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Globes with the name of the Guillaume De L'Isle

On display in the Maritime Museum Piran are also two globes with the name of the well-known French astronomer and globe maker Guillaume De L'Isle (now Delisle; Paris, 1675–1726) printed on their bases. In 1700, he published a general map of the world, maps of different parts of Europe, Asia and Africa, as well as the celestial and terrestrial globes of the world, on which he radically corrected the image of the world. He invented Delisle’s equidistant conic projection (as known today), which is currently largely used in the making of maps.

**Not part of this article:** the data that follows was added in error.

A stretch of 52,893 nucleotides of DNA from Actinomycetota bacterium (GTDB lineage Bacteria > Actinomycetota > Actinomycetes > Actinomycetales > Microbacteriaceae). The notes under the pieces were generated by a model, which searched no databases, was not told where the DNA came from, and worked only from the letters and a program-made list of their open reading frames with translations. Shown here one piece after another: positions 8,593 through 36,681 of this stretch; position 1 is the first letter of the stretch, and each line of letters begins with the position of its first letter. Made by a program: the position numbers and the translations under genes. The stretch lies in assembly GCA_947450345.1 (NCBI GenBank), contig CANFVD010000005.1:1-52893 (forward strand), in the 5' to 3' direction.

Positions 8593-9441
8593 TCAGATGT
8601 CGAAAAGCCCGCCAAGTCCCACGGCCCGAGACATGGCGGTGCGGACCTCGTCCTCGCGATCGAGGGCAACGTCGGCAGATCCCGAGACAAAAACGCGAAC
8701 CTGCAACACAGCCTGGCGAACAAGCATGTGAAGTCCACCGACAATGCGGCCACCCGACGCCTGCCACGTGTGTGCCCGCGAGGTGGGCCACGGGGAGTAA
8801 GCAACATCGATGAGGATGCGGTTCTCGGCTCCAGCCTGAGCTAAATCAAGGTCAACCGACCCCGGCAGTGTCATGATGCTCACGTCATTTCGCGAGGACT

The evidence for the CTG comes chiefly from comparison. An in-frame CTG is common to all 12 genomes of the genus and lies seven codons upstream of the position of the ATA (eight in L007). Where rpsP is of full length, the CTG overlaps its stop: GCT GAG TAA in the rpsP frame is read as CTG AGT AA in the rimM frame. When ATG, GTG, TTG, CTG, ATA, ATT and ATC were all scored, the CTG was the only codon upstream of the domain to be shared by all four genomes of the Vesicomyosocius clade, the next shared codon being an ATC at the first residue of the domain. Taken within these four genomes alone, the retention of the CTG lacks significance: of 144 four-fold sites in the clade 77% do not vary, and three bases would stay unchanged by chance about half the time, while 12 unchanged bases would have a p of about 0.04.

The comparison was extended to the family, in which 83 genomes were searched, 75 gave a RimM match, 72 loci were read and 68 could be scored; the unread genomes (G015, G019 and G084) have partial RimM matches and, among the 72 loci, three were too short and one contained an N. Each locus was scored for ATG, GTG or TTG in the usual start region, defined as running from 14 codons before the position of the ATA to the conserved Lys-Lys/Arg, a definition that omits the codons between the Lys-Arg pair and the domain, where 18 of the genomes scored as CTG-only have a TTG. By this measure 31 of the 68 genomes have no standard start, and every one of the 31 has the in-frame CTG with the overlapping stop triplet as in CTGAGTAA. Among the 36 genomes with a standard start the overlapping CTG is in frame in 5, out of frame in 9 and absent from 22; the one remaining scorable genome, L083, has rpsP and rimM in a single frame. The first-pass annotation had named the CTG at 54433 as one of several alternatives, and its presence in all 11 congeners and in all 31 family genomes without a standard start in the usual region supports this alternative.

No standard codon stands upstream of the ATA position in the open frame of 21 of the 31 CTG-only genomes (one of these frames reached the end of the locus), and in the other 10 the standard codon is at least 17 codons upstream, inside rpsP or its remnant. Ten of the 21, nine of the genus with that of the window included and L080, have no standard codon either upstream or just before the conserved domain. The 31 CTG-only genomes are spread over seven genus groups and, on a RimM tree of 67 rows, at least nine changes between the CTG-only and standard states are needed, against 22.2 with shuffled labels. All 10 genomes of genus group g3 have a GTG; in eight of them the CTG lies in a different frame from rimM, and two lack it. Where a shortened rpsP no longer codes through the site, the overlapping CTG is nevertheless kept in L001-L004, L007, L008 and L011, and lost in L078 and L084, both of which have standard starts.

According to the printed inscription on it,  the Earth Globe was made after observations by most credible, modern authors and after most recent memories of experienced merchants and mariners, for it shows the globe with the forms of  Earth's surface together with their thorough descriptions. All continents are already depicted, including New Zealand with the year 1765. The globe is bilingual: French-Italian. The Celestial Globe exhibits a seemingly celestial globe with the arrangement of celestial bodies. It displays the solar system, constellations, stars, Moon and celestial signs. According to the printed wording on the globe, it was made on the basis of the latest observations by the most celebrated astronomers of those times. The globes have a diameter of 30 cm. Even though they were made after Delisle’s death, it is an indisputable fact that Delisle’s name is stated on them and that they are great rarities and of great value at the same time.